The Real Jerk Just Wants Time
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The Real Jerk Just Wants Time

Judge will decide tomorrow whether to grant an injunction that would give the Real Jerk more time at its current location.

Ed Pottinger, owner of the Real Jerk, celebrates despite the looming last night for the iconic restaurant at Queen and Broadview.

Ed Pottinger’s uncle always told him that a knockdown is not a knockout, and he continues to live by those words. Pottinger is the owner of the much loved Riverside restaurant the Real Jerk, which was set to close today after almost 24 years. Not by choice though: the restaurant received an eviction notice Decemeber 30, giving them one month’s notice to leave. Pottinger hopes to delay the eviction to buy some time to find a new location amid an outpouring of community support.

Today, a judge bolstered that hope just a tiny bit: after hearing from the Real Jerk, its old landlord, and the new building owner, he said he will mull the case overnight and decide tomorrow whether to grant an injunction that would give the restaurant more time at its current location.

Monday night saw what could be the last night of service at the Real Jerk and while the first real snowfall of the season put a damper on the numbers, the scene inside was full of love and appreciation. With only about 30 diners and a steady line of take-out customers, they weren’t the high numbers seen last week, but patrons still enjoyed their Red Stripe, Ting, and plates of roti and jerk chicken.

The eviction notice has sparked an outpouring of support from the community, with some blaming the eviction on the increasing gentrification of the area. “The sale was completed December 29 and we received our eviction notice the next day. That amount of time is just completely unrealistic,” Pottinger told us last night. “A month or so ago I didn’t know what gentrification was. There is nothing wrong with improving an area, but it hurts to be the one kicked out.”

There weren’t many tears or visible signs of emotion last night, but there was a real sense of loss. Many held out hope for a temporary reprieve and no matter how the judge rules there is still hope for a resurrection of the Real Jerk at a new location. Pottinger says he had his doubts that he would try to re-open, but the public support has changed his mind. His first choice would be to stay in the area, and if not, possibly a new spot in Leslieville or the surrounding neighbourhood. He has nothing but thanks for his customers, family, staff, and fans, including Councillor Paula Fletcher (Ward 30, Toronto-Danforth). As of Monday evening, over 2,200 people had signed a petition urging Mayor Rob Ford and the city council to save the Real Jerk and protect family-run businesses in Toronto.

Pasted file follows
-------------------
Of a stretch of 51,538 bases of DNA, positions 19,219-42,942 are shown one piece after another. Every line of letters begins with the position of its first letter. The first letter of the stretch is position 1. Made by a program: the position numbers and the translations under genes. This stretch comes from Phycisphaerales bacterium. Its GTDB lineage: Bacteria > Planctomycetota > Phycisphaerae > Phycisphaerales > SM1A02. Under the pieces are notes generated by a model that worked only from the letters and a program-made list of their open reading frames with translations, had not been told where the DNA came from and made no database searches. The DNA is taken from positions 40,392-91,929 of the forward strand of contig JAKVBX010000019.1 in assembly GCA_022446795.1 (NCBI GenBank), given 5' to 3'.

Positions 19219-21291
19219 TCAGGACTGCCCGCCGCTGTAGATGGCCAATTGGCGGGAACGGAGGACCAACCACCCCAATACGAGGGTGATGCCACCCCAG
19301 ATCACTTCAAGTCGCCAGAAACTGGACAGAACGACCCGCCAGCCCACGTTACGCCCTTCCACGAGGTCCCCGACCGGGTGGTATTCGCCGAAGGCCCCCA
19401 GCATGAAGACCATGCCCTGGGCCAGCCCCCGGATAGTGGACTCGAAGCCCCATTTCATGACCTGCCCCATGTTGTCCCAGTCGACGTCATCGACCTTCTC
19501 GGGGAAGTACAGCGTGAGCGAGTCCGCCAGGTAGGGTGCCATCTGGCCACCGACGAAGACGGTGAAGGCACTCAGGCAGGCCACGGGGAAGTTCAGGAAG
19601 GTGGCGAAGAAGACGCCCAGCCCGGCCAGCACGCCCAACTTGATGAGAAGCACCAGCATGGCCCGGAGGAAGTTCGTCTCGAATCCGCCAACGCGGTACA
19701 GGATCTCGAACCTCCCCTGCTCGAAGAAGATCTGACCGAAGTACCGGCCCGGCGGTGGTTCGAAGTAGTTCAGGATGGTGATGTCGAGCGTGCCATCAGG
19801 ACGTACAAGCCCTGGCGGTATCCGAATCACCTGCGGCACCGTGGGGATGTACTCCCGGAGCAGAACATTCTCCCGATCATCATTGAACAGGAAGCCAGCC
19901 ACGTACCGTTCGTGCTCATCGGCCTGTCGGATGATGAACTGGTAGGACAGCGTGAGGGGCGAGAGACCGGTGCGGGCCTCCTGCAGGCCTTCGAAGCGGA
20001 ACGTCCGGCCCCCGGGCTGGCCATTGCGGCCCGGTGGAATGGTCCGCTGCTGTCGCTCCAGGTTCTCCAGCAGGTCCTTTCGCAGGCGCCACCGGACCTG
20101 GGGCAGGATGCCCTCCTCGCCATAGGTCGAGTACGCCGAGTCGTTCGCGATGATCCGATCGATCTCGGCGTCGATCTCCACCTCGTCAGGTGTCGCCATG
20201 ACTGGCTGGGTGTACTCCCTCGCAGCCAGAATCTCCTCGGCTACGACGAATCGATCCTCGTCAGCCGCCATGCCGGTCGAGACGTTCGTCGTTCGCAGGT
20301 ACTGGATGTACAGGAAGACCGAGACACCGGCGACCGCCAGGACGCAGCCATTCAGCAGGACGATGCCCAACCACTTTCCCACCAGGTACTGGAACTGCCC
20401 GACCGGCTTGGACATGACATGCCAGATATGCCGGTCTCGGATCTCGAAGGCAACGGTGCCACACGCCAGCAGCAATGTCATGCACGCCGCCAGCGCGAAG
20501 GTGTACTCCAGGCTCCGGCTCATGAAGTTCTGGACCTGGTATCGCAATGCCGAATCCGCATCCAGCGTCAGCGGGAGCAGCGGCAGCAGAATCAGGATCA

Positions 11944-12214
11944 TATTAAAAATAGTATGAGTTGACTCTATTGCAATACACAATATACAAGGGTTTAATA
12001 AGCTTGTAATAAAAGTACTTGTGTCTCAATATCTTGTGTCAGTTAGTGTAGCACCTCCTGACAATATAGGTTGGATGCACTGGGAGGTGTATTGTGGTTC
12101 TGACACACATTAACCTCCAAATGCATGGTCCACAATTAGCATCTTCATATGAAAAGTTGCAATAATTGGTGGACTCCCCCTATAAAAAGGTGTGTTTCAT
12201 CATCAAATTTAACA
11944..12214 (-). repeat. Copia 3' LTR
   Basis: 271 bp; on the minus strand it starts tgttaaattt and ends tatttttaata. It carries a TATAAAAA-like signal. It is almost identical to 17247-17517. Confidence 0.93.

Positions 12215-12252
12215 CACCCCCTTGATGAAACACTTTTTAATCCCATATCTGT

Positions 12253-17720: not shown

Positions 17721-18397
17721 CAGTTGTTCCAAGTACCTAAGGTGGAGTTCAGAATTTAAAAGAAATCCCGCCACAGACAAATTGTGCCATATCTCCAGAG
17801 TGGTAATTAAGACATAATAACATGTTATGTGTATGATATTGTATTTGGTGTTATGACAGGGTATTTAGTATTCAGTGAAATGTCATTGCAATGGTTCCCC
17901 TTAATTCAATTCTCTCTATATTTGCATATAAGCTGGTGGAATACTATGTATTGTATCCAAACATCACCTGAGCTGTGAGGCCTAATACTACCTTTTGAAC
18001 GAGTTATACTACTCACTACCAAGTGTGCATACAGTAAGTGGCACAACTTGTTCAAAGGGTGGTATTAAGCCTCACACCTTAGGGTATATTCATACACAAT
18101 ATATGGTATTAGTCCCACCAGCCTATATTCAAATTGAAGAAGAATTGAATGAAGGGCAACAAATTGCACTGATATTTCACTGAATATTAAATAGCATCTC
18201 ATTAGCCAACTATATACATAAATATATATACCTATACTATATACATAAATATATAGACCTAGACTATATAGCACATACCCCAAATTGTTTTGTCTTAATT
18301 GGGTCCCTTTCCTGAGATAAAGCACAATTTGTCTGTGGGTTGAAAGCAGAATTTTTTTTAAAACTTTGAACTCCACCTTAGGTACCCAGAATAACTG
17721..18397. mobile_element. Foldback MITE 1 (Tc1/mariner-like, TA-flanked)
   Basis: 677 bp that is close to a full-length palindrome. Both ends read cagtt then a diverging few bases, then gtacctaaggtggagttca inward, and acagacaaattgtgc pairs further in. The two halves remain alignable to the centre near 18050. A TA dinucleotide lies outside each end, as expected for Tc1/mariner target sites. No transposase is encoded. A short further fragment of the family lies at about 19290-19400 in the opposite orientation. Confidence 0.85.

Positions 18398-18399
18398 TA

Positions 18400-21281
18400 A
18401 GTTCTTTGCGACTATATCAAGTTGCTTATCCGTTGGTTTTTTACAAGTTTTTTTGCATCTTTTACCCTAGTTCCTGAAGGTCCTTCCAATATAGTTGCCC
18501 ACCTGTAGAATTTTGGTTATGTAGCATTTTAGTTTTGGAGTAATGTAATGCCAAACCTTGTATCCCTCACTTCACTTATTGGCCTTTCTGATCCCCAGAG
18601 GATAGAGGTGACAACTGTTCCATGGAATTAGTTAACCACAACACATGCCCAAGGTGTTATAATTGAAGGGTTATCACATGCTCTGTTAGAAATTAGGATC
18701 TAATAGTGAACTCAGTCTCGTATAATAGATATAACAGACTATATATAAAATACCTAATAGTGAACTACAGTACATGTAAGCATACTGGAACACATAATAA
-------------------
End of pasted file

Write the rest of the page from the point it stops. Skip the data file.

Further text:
For now, he says, he is just looking for more time to manage the transition; he describes the eviction notice as a complete surprise. He told us that because he trusted the previous landlord, the Real Jerk does not have a current written lease. This has lead to confusion over whether it was a month-to-month or year-to-year tenancy. In the case of month-to-month agreements, one month notice is acceptable under the Commercial Tenancies Act.

As revealed in court today, the new landlord wants the next tenant, a pub, to be in by February 1 to be ready for St. Patrick’s Day, and had raised the rent from $6,300 per month to $12,000.

According to the Real Jerk’s bulletins, the judge has ruled that the termination of the lease may have been unlawful because the old landlord had an employee sign a document stating that the lease was month-to-month. Because of this and other technicalities to consider, the judge decided to take until tomorrow to consider his ruling. The Real Jerk has, at least, one more day, at Queen and Broadview.